Chitanda smiled as well. "I suppose I would say so, yes. It is very unlike you."
"Well, I guess 'if I don't have to do it, I won't,' after all."
"No, that's not what I meant."
She immediately shot down my go-to motto. Hesitating somewhat, she continued.
"Oreki-san, you do so much for other people. You've helped me countless times as well. You never worry about things related to yourself, though. So then why today of all days did you want to find out about something you were unsure of...? I'm sorry, I can't help myself. I'm so curious."
I felt like she was wrong about one thing—really, really wrong.
I get the feeling that clearing up that misunderstanding would take a while, though. It was already getting dark out. I decided to make it quick and just answer her question.
"When I heard the story about the lightning, I made an unfortunate inference in my head."
"Yes, that's what you told me."
"If that inference was correct, I'd need to be more careful from then on. That's why I came here to confirm it."
If we were talking an involved week-long investigation, then that would be a different story, but if it just took rummaging around some old newspapers to find the answer, then it wasn't really a problem. I even had some help.
Chitanda still looked confused about the whole thing.
"After knowing about that incident, I can't just go around and say whatever I want about Ogi liking helicopters. That'd be insensitive. Of course I'd have to be more careful," I responded casually.
For some reason, though, Chitanda's massive eyes were fully open. It looked to me as if she was completely taken aback. Out of reflex, I started to worry that I accidently said something bad. I tried to think and expand on what I meant.
"By insensitive, I mean like, 'You have no idea what you're talking about!' kind of thing. Though, I'll probably never see Ogi again, so I guess I have no idea what I'm talking about..."
"Oreki-san, that's so...," Chitanda suddenly said to me.
Her mouth moved as if tripping over her words, and then she stared blankly at me. What finally came out was a single sentence.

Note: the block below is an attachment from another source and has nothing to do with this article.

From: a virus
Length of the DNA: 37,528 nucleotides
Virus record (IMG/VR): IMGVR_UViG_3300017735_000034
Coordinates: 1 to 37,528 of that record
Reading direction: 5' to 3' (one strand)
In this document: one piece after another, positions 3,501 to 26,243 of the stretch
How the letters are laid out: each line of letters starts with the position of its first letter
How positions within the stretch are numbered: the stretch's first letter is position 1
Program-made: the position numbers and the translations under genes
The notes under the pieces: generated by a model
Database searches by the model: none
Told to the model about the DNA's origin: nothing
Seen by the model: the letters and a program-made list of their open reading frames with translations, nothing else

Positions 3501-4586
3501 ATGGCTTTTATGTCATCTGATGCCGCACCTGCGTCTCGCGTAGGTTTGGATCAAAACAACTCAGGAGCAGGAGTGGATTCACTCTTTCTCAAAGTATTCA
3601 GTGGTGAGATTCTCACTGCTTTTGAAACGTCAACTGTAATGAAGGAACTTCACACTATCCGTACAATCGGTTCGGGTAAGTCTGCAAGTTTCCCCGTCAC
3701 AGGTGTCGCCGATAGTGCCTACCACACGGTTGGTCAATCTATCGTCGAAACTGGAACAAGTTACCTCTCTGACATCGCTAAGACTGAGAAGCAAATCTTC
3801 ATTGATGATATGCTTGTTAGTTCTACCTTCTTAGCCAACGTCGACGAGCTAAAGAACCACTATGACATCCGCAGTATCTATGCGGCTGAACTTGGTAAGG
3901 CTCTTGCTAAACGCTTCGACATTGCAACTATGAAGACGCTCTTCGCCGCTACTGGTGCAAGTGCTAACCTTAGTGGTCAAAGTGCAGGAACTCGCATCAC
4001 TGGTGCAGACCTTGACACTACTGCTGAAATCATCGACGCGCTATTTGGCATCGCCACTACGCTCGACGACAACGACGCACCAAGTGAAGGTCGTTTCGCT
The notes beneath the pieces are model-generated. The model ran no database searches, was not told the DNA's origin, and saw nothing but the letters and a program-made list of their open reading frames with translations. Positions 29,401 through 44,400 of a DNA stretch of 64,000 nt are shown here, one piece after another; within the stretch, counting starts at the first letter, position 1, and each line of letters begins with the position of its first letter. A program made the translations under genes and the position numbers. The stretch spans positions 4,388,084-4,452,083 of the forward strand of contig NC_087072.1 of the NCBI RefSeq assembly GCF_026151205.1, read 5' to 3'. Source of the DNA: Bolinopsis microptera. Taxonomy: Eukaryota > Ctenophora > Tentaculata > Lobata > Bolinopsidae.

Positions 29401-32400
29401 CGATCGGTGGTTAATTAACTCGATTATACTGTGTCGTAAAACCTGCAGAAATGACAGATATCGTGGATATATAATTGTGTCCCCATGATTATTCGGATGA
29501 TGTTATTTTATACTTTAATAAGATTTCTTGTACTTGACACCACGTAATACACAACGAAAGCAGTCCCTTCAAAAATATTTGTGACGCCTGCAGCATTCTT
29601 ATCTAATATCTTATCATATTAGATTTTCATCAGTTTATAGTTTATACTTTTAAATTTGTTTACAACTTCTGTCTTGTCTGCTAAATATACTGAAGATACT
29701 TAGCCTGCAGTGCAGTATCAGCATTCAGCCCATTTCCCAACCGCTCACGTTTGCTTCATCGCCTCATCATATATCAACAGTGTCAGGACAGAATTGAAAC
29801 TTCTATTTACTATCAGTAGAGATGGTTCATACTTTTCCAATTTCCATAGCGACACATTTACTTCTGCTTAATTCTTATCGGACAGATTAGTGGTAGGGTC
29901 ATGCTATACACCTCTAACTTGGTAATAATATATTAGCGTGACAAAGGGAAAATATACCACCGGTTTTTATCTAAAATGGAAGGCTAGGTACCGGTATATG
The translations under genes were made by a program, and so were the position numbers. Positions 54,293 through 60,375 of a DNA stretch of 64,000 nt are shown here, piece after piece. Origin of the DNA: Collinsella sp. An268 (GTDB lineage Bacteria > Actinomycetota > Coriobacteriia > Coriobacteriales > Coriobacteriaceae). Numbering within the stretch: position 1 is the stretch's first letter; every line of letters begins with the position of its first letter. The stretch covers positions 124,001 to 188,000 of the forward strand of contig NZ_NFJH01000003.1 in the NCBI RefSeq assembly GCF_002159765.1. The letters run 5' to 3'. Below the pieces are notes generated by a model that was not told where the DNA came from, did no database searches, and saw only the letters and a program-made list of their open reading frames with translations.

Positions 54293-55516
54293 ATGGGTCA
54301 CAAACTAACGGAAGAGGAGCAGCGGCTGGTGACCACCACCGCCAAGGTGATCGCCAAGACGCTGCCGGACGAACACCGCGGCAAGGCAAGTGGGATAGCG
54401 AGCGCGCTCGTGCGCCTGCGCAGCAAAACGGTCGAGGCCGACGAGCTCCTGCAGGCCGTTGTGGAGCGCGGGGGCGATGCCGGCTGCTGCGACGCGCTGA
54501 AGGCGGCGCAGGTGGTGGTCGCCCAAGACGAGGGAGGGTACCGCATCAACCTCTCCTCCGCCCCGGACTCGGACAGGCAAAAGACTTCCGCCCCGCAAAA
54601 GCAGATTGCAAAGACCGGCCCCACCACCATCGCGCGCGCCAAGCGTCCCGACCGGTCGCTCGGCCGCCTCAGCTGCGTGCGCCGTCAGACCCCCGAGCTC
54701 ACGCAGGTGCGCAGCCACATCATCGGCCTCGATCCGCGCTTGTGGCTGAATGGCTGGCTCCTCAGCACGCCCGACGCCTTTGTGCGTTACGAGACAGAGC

"I can't really put it into words."
I didn't have the slightest idea of what she was trying to tell me. Well, if she couldn't put it into words, then I wouldn't really be able to listen to those words either.
"Alright, well, see you. Thanks for helping me out."
"You're very welcome. Goodbye."
It was a short exchange. Chitanda's house was far—even though she had a bike, it'd be completely dark by the time she’d arrive. She was the one who wanted to come, but still, I felt a little guilty about the whole thing. I definitely owe her for this.
On my way home, I suddenly looked up in front of me.
The mountains of Kamikakiuchi were already completely enveloped in the darkness.
Our Legendary Volume
What was the first manga I ever read, I wonder? It happened when I was so young that I'll never be truly certain, no matter how many possible titles come to mind. All I warmly remember is how absorbed in it I was.
In my home's living room stood a single bookshelf, and on that bookshelf sat only dust-covered encyclopedias and literary anthologies that I had never even seen so much as taken out of their cases—there was no manga at all. I had my first experience with it because of my aunt, my mother's sister. She had a crude house made of steel, as rough as it was ugly, but it contained bookshelves of dizzying heights, filled to the brim with books, around half of which were volumes of manga from all ages.